Rising star of R&B, Aaliyah15 was only 22 years old at the time of her death, yet had been recording albums since she was discovered by hip-hop producer R Kelly at the age of 14. She had also broken into movies, most notably starring in Queen Of The Damned.
On 25 August, 2001, Aaliyah was one of nine passengers in a Cessna 402B chartered by Virgin Records, returning from Marsh Harbour, Bahamas to Miami, after shooting a video for her new single 'Rock The Boat'. They didn't get far; the plane crashed in flames at the end of the runway, killing all nine. Investigations later showed that the plane was overloaded by 700lbs and was only licensed to carry eight. In addition, the pilot was unqualified, and tested positively for cocaine and alcohol.
Paul Jeffreys - Cockney Rebel's bass player, 33, and his new wife Rachel were among 259 killed on 21 December, 1988 when Pan American flight 103, a Boeing 747, was bombed by Libyan terrorists and crashed at Lockerbie, Scotland.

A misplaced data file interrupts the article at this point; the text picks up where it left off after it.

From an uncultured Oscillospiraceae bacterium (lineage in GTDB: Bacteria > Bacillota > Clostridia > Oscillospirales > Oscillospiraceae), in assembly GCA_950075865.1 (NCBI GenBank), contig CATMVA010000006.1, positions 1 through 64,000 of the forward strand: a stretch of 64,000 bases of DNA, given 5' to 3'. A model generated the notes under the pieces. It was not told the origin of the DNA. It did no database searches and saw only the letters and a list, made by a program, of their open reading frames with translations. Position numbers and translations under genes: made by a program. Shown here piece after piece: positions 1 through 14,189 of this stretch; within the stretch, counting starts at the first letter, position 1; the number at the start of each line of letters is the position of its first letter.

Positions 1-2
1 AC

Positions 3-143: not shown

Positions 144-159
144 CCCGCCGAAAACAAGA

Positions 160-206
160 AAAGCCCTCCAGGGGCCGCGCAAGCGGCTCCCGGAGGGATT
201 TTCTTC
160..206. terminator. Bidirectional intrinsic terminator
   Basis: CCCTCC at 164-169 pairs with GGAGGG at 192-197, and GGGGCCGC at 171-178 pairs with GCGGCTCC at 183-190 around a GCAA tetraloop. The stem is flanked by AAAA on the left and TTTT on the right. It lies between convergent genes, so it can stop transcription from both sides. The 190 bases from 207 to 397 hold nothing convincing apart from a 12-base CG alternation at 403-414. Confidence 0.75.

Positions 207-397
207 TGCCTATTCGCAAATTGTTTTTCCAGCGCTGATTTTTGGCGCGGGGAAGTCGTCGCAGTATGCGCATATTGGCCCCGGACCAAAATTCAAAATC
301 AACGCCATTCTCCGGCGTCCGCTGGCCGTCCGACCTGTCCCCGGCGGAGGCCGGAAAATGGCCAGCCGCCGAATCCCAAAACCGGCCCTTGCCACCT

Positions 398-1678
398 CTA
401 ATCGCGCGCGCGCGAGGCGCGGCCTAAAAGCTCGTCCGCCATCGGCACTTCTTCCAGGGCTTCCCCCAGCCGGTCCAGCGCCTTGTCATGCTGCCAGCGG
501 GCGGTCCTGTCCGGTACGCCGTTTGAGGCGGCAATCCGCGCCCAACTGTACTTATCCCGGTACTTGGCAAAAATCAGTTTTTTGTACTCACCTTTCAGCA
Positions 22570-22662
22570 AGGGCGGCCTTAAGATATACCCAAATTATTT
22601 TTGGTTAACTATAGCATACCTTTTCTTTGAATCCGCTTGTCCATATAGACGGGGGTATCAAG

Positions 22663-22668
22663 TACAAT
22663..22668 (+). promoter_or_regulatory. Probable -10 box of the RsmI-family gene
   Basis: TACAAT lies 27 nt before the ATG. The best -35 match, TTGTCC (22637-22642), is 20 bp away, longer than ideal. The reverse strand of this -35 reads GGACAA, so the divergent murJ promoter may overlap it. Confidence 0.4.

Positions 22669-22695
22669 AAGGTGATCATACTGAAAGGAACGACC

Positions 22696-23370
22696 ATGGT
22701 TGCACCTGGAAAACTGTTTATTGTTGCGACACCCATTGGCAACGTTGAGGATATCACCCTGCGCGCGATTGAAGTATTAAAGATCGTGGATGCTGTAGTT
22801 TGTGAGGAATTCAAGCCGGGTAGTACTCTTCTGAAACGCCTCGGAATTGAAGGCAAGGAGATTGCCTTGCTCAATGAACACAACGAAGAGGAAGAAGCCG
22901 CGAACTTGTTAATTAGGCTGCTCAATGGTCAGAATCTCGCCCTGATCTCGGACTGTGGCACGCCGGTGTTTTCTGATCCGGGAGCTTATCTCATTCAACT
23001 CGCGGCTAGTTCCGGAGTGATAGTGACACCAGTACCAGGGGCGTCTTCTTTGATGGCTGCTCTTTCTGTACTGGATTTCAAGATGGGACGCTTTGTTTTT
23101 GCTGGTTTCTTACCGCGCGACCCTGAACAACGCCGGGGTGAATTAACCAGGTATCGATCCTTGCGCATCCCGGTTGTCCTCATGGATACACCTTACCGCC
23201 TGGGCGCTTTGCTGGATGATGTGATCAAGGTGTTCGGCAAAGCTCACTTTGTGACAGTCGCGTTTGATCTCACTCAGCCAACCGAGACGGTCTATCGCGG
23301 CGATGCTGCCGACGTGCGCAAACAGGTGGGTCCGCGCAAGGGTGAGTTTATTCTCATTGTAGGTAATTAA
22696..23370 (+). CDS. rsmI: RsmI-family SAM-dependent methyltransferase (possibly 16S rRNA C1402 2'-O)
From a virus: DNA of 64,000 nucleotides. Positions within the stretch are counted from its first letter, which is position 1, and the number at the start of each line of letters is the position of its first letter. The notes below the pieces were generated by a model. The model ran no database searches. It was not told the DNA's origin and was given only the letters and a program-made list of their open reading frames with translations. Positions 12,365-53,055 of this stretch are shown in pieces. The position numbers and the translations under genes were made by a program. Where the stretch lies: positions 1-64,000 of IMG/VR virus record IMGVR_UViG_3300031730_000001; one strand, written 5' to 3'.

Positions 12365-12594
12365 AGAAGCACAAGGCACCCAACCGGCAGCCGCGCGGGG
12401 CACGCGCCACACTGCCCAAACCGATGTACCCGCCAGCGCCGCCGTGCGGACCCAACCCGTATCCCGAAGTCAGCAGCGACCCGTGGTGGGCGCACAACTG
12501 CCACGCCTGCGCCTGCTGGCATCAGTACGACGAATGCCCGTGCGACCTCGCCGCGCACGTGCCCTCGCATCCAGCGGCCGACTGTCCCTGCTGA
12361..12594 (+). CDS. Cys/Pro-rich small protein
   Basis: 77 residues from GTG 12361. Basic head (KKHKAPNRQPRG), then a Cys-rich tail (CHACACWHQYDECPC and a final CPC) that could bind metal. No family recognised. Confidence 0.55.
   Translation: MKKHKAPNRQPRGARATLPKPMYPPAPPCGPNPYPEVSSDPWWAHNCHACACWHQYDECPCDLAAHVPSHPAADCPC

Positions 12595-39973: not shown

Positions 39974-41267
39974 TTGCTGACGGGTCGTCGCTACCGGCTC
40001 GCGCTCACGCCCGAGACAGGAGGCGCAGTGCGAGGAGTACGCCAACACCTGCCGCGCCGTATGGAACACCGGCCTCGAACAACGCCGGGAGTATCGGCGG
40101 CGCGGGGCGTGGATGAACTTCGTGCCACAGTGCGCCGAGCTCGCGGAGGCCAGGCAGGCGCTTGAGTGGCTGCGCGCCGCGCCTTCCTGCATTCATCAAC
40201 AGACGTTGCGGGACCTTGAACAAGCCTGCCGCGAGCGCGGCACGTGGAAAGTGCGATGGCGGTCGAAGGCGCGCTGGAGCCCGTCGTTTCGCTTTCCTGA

Stan Rogers - On 2 June, 1983, the Canadian folk singer, 33, was on his way home to Toronto from the Kerrville Folk Festival, Texas on Air Canada flight 797, a McDonnell Douglas DC-9-32. During the flight a mysterious fire began in the rear lavatory, forcing the pilots to make an emergency landing at Cincinnatti, Ohio. When the doors were opened to evacuate the passengers, the influx of air caused a flash fire, which killed 23, including Rogers, who lost his life attempting to rescue other passengers.
The Classical World
Ginette Neveu - The French virtuoso violinist, 30, and her pianist accompanist brother Jean-Paul were flying to the US for a concert tour on 28 October, 1949. Approaching San Miguel Island in the Azores for a scheduled stop-over, the Air France Lockheed Constellation twice aborted the landing before flying into a mountainside. All 48 on board were killed. These also included French champion boxer Marcel Cerdan, who was flying to New York to fight Jake LaMotta.
Jacques Thibaud - Four years later, on 1 September, 1953, another Air France Lockheed Constellation crashed on landing, while carrying another celebrated French violinist. This time it was 73-year old Jacques Thibaud - one of 42 who died when their plane crashed into Mt Cemet in the French Alps on the final approach to Nice. Thibeau was en route to French Indochina16. Not surprisingly, the irreplaceable Strad violins of both Neveu and Thibeau were destroyed.